Diaghilev's Theatre of Marvels: The Ballets Russes and its Aftermath
On Exhibit June 26-September 13, 2009
by Elizabeth McPherson
September, 2009 -- The New York Public Library for the Performing Arts
Celebrating the 100th anniversary of the founding of the Ballets Russes, “Diaghilev’s Theatre of Marvels: The Ballets Russes and its Aftermath” was curated by Lynn Garafola, noted author of Diaghilev’s Ballets Russes. The artifacts on display are from The New York Public Library for the Performing Arts and the Slavic & East European Collections of The New York Public Library, with additional materials on loan from various organizations and individuals. As the title of the exhibit implies, it shows great breadth of time by extending into the aftermath of the Diaghilev company through documenting Colonel Wassily de Basil’s Ballets Russes and Serge Denham's Ballet Russe de Monte Carlo as well as contemporary companies that performed or still perform Ballets Russes repertory.
On entering the exhibit, it was difficult to decide what to experience first. Paintings and drawings leapt out from the walls, multiple videos vied for my attention, and costumes in cases pulled me towards them. There were also letters, posters, music scores, and playbills. Although it was museum-like in display, that this exhibit celebrated a vital, flaming period in the history of both visual and performing arts was immensely evident.
As I began walking along the outer walls, I was struck by the intricate beauty of original watercolor and pencil Léon Bakst costume designs for such ballets as the 1921 “Sleeping Princess” while Pablo Picasso’s gigantic “Parade” (1917) costumes (reproduced by the Joffrey Ballet) towered over me with a sort of cubist impertinence. Also striking was a painting c1919 by the dancer Vaslav Nijinsky simply titled “Mask.” The descriptive card noted that this was painted at the beginning of Nijinsky’s descent into serious mental illness. The painting depicts a large eyeball and reminded me of the ever-present Charlatan in “Petrouchka” (1911). Not far from this painting is a video clip from “Petrouchka,” danced by the Joffrey Ballet in 1981. The portion shown is a crowd scene, and the design and mapping of such a large number of people to depict the chaos of a street fair is mesmerizing.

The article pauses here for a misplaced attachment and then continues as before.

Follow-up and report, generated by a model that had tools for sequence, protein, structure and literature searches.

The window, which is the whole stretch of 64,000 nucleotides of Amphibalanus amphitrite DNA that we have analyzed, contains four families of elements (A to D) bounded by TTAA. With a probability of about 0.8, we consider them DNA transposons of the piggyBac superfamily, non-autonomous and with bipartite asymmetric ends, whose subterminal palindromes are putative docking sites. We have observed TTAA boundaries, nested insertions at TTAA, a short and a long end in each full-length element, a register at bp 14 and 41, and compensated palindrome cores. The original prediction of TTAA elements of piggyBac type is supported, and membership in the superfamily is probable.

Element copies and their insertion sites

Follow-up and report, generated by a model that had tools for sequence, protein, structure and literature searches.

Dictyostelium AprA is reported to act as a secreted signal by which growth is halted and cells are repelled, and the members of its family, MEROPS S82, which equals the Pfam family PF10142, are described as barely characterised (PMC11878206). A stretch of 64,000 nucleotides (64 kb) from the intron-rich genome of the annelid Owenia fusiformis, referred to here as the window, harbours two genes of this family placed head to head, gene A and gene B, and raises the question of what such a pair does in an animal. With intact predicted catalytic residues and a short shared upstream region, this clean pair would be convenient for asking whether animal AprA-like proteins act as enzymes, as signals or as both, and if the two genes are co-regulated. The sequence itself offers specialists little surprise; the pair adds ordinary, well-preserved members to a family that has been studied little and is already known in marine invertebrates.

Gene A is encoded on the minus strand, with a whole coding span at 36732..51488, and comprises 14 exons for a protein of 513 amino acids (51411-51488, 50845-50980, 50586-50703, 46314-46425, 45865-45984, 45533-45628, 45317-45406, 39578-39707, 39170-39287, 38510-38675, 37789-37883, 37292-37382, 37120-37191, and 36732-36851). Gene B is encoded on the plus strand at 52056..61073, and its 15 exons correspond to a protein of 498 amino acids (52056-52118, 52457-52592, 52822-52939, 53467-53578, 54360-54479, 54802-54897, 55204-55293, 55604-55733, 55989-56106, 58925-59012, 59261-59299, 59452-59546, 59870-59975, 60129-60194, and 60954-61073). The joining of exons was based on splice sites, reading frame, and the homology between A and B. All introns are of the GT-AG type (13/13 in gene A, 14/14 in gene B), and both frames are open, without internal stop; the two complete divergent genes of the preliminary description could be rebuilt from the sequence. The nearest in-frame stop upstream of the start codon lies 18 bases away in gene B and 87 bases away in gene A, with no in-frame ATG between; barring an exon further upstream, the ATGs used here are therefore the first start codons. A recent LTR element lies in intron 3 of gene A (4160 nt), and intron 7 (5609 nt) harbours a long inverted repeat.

In the center of the room are glass cases with more artifacts including a pair of Anna Pavlova’s pointe shoes made by Nicolini. The satin is a bit worn, but the shoes still seem to hold the shadow of their original wearer. Also of great interest to me in the center cases were letters written to Diaghilev from Cole Porter, George Balanchine, and Serge Lifar. Letters are remarkable to me often for their sheer ordinariness. These iconic figures of the twentieth century art world communicated with each other regarding dinner parties and management details just as we do today whether famous or not. Serge Lifar’s letter is a love letter that imparts his intense feelings for Diaghilev. It is at once moving and disturbing to think of the power Diaghilev held over this young man. I also had the odd thought of fast-forwarding 100 years from today -- will the next century’s exhibits show email messages between great artists? It seems terribly mundane.
At the far end of the exhibit hall is a display of six video clips shown on small adjacent screens. There are benches in front of the screens with headphones and buttons you can press to hear the sounds from any of the six clips. These range from a 1915 film of Anna Pavlova to New York City Ballet’s production of Balanchine’s “Prodigal Son” (1929) with Mikhail Baryshnikov in the title role. Seeing all the clips running at once gave me a sense of the immensity of influence Diaghilev’s company had on twentieth century dance.
Fundamental to Diaghilev’s vision and his legacy is the collaboration between artists and art forms. A nod is given to Merce Cunningham (who followed in Diaghilev’s footsteps in terms of collaborations between artists and art forms) with an amusing David Levine caricature that shows Diaghilev dreaming of Cunningham who is in the air in a gigantic leap over Diaghilev’s head. It was the last artifact I examined and an apt one that sent me away wondering – “what comes next?”